Of course, the main difference is that Tina didn’t really have any power when Maralyn was voted out. The relationship that she developed with Colby took time to form. Besides, would Colby have been so happy to join with Tina if it was clear that Maralyn would be Tina’s closest ally? At the point that Maralyn was voted off, Tina voted with the majority out of a sense of self-preservation. While she was able to use the moment to her advantage, I think that if she could have saved Maralyn, she would have. However, Maralyn was just too much of a physical liability to convince anyone to keep her around. Ogakor didn’t want to keep losing the challenges, and if they wanted to win, they had to vote Maralyn out.
Chrissy could have saved Katrina. She had the super idol in her pocket. Physical strength and winning challenges is no longer as important as it was in season two, not when tribe swaps are to be expected. She could have saved her but chose not to. And just as Tina getting Maralyn out was crucial to her success in the game, I think that Chrissy made the right decision here. Anchoring herself to Katrina would have been terrible for Chrissy’s chances in the game.
I mean, the rest of the tribe called them the ‘Mom Squad’. That has to be the worst name for an alliance ever. Nobody is going to take the ‘Mom Squad’ seriously. Also, nobody is going to let the ‘Mom Squad’ play the game. A mom can’t be involved in blindsides. A mom can’t betray. A mom can’t lie. Unfortunately for Katrina and Chrissy, the older woman spot is definitely not where you want to be. Worst case scenario, you get voted out first. Best case scenario, you end up as a Final Tribal Council goat. Of the ‘mom’ figures who have won the game, you have Sandra Diaz Twine, who won the game just by being Sandra, and you have Tina and Denise Stapley, both of whom won the game by aligning with younger men who were physical threats. I don’t think it is a coincidence that all three women won the game while underplaying their role as a mother. The mother is just not a winning game. By aligning with Katrina, Chrissy would have been allowing herself to get pigeonholed in the fatal mom role. If Chrissy wanted to be taken seriously as a player, she needed to get away from Katrina.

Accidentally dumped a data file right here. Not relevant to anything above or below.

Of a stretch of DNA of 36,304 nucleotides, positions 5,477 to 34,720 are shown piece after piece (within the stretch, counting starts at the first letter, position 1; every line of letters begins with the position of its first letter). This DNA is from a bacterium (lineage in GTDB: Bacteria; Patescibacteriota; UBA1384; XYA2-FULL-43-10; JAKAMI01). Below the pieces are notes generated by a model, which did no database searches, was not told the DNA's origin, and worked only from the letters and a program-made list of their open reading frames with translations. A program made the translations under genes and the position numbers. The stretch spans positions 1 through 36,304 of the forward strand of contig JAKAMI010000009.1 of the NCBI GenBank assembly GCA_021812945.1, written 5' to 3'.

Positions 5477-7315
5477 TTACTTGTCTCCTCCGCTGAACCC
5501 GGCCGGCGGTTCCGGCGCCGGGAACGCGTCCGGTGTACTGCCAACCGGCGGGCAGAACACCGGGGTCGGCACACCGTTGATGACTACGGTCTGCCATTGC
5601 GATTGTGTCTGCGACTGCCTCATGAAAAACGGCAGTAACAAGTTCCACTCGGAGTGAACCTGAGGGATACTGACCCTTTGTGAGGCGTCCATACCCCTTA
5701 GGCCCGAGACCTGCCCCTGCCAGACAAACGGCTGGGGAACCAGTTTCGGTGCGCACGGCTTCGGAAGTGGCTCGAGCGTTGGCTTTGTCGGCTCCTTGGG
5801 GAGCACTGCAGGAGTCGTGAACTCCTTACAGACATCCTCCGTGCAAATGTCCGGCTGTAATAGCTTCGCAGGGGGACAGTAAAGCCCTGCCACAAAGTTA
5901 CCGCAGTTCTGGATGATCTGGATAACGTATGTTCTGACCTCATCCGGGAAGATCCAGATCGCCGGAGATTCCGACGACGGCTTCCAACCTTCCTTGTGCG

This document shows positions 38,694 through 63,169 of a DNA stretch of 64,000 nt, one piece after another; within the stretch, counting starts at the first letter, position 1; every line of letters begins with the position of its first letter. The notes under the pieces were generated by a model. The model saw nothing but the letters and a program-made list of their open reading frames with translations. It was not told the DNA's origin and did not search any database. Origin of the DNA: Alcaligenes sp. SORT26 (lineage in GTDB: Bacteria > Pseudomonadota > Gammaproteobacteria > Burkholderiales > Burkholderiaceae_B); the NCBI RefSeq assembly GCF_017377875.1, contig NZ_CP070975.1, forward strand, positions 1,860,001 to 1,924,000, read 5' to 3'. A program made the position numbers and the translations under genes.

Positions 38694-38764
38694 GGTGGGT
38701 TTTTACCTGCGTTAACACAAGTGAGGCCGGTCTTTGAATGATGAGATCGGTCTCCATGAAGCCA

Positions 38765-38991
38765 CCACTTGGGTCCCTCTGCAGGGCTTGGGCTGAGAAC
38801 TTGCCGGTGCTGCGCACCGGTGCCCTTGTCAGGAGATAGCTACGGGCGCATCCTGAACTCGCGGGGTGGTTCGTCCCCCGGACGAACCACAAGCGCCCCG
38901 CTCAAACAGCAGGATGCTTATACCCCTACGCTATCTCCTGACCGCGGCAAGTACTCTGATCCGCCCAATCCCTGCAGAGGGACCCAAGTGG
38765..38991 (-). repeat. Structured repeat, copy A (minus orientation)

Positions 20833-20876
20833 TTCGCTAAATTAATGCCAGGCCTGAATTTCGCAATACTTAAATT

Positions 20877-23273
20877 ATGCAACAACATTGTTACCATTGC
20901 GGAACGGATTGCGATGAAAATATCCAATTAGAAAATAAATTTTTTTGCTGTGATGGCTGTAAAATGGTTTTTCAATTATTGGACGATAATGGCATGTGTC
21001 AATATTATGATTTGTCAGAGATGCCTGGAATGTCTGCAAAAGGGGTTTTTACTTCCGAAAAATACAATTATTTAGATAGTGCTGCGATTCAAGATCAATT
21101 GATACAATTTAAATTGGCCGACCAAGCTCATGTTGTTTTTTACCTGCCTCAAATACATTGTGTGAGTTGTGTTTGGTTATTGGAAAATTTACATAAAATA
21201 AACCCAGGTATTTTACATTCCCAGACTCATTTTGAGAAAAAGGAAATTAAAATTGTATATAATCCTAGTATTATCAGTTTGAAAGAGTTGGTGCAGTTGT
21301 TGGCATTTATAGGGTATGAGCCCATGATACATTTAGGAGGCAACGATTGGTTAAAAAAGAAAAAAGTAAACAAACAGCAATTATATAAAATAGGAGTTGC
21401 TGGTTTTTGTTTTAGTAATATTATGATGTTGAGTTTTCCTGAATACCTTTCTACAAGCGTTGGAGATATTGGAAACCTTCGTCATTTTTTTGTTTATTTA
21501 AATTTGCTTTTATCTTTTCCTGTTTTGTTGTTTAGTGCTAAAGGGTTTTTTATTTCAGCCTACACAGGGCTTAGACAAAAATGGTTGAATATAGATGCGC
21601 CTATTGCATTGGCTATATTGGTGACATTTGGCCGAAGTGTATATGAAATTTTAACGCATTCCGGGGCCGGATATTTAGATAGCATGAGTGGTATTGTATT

I also think that making herself into an obvious couple would have been the wrong move. From what we saw, Chrissy and Katrina didn’t really have any early strategic conversations. In fact, from exit interviews, we have learnt that they were nowhere near as close as they were portrayed on the show. There was very little trust between them, despite the edit telling us that they were a solid pair. In that tribe, Chrissy knows that Alan is paranoid. She knows that Alan is scared of ‘power couples’. If she plays an idol for Katrina, they automatically become a couple in the game. And for Chrissy to be stuck playing with someone that she doesn’t trust–whom the rest of the tribe thinks is a little kooky, and on top of that, someone who the tribe has dismissed as just a mom– well, Chrissy might as well pack up and leave now, because in that scenario, she has zero percent chance of winning the game.
So Chrissy made the right decision. Playing her super idol, and throwing her lot in with Katrina would have been suicide for her game. But what does she do next? Well, she needs to follow Tina’s lead. Tina found herself a Colby, and Chrissy needs to do the same. Chrissy needs a new alliance. For the next Tribal Council, Chrissy should be in a good spot. JP and Ashley are a pair, and Alan and Ben are a pair. Chrissy is nicely placed in the middle. She chooses which pair move forward in the game. She’s made herself powerful in the short term. But to get to the end, she’s going to need to find people that she can trust. Is there anyone in the heroes tribe that could be that person?